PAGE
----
Twenty Five Examples of Low- and No-water Front Lawns
Considering a move from green grass?
By Rob Cockerham |
As water becomes more scarce and valued in California, there has been a shift away from growing a traditional front lawn of grass. I collected some examples of landscaping without grass, including some with drought-resistant plants and some with no plants at all. I tried to create a visual resource for people considering a switch from lawn, but who are unsure about what they want their future front yard to look like.
Olive trees and Ornamental grasses.
Here's an example of a drought-resistant yard. It has clumps of plants, scattered in an interesting way across the landscape. The rest of the yard is covered with black bark mulch.
This is an example of a yard which doesn't have a raised border around the perimeter, which you can see can allow the bark to spill out onto the walkways.
Spanish lavender (they are the wide but low growing patches of grey with some purple flowers on them) along with what I think is anigozanthos but with no blooms (aka kangaroo paw)
Here is a beautiful yard in Folsom, CA. The center features the look of a "dry creekbed". Its strength is the variety. This yard has at least four kinds of trees, four kinds of rocks, two styles of decorative borders, a hill, shrubs and bushes. It is awesome.
The trees look like acer palmatum, maybe shigitatsu sawa They short green bushes are a dwarf pine cultivar like mugo pine it looks like. The grassy like shrub might be African iris.
Here is a grass-free yard in Sacramento.
There are two rows of shrubs, with a field of shrubs in between. Only in California do you see palm trees right next to pine trees. The land between the plants has no mulch or ground cover.
Here's one solution for a lawn accent: a 1991 Corvette.
This house had a very large front yard, which requires a lot of plants to fill it up if you aren't using grass. The area between plants is a wood-bark mulch. I've been assured that these succulents will grow to fill this yard.
Here is a terraced yard with mulch on the inner circle and bark on the outside. The lawn has a decorative concrete border.
Here is a section of a yard with mature plants and black bark. They got away with no border.
Mini-micro dry creek bed, or possibly a pathway.
Almost too much variety on this corner of the yard. A real menagerie.
Here's an example of a no-water front yard. It isn't just a field of red rocks, it has white rocks, red rocks, big rocks, bricks, edging and wall stones along the front edge. It has variety, but it isn't particularly attractive. I think one problem is that the larger grey rocks are too evenly spaced. It looks like a bad plan instead of a re-creation of nature's random hand.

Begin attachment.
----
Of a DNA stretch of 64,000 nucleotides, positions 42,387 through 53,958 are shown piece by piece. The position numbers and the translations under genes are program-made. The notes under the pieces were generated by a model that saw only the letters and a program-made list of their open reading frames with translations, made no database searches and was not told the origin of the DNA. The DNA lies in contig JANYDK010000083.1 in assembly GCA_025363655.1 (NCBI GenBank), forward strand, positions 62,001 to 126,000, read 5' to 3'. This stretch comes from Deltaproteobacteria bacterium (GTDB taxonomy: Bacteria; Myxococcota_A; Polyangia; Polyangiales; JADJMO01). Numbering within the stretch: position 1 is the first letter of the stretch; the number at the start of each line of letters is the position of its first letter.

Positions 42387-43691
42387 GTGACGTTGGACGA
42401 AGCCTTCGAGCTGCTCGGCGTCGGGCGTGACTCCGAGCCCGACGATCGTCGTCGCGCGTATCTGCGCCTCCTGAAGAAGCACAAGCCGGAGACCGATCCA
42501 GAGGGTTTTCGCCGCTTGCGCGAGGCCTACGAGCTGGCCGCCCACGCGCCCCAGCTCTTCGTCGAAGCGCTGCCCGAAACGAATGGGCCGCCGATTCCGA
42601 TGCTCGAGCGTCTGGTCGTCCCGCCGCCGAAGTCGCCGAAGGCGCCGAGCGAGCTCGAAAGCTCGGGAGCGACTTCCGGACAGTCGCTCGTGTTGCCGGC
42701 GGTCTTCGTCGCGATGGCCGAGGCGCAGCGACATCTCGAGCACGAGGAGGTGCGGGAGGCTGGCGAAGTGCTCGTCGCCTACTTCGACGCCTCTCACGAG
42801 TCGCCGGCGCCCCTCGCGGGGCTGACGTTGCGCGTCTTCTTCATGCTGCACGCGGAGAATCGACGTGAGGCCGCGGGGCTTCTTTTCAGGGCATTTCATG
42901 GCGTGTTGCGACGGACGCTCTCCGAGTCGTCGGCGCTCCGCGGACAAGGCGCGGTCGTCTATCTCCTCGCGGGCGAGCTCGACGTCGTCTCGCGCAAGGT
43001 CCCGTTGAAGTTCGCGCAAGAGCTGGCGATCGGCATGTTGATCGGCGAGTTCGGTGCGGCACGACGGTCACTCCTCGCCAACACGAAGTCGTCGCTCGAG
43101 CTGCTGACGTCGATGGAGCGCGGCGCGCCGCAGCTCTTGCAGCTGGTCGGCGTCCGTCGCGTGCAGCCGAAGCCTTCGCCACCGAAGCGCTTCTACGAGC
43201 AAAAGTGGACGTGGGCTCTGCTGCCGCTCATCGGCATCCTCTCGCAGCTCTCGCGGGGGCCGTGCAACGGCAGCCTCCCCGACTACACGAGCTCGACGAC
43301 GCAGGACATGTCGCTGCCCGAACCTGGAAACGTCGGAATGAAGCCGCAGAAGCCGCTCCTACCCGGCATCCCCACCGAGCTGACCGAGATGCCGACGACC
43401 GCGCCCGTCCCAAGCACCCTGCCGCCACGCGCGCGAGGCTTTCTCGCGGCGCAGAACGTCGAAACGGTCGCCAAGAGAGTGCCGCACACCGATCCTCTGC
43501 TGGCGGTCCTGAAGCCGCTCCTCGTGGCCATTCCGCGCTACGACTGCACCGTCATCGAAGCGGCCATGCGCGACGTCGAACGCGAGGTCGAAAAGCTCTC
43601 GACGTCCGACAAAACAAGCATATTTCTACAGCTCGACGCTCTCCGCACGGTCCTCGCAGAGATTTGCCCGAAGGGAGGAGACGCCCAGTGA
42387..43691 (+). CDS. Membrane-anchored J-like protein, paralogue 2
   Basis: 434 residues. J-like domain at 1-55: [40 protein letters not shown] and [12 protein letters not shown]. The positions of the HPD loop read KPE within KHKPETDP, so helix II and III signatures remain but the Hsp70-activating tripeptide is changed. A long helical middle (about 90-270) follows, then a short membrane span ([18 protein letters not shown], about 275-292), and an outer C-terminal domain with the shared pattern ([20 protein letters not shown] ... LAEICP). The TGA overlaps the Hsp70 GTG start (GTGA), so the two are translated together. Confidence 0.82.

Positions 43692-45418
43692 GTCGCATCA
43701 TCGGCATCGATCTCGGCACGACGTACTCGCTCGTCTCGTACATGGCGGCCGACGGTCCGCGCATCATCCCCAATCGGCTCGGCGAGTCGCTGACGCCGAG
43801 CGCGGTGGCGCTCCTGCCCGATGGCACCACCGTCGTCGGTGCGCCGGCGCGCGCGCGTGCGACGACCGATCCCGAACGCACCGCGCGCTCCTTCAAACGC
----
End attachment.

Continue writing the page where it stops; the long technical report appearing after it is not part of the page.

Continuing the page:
I met this gal while she was tending her garden. She didn't have a lawn, but enjoyed working on the plants out there. She let me know that she didn't have to be out there as much as she was, but that she enjoyed it.
In most cases, getting rid of the lawn means getting rid of a considerable maintenance burden.
This side of her lawn was getting more sun than usual, because the neighbors had just removed a shady tree.
Be wary of front lawn decor such as this bench. If a person can lift your decor, it may be stolen in the night.
This fountain is probably too heavy for a casual landscape thief, but it will use water.
This yard is a good example of simplicity in rocks. These are medium river rocks with a patch of larger rocks up near the porch.
Mature trees provide almost enough variety for this to be an attracive lawn.
They used a plain wood border.
This lawn had a wide rock border, lights and trees.
Here's a yard with an expiring landscape scheme. The borders remained, and large bushes were thriving, but there was a lot of plain dirt.
I bet this landscape has been neglected for 20 years.
I caught this house mid-lawn removal. They were a little annoyed that the price of removing a lawn was so high, but they had a plan and were committed to seeing it through. A regular dumpster would have been $60, but sod was forbidden in a standard dumpster. To have sod removed, they needed this $200 skid! Amazing. They had called 14 people for help having the lawn removed, but they got only three responses, and the lowest quote they got was in the thousands of dollars, so they opted to try it themselves.
They spent $400 on rocks. It had a nice, simple look, but they wished that they had run the irrigation to the trees and bulbs before they put the rocks down.
Also, they asked me to remind readers that their communities might have a rebate available to homeowners who remove their lawn.
A way to avoid scraping and hauling sod is to plant on top of it using sheet mulching.
Please continue reading page two of 25 Drought Resistant Lawn Ideas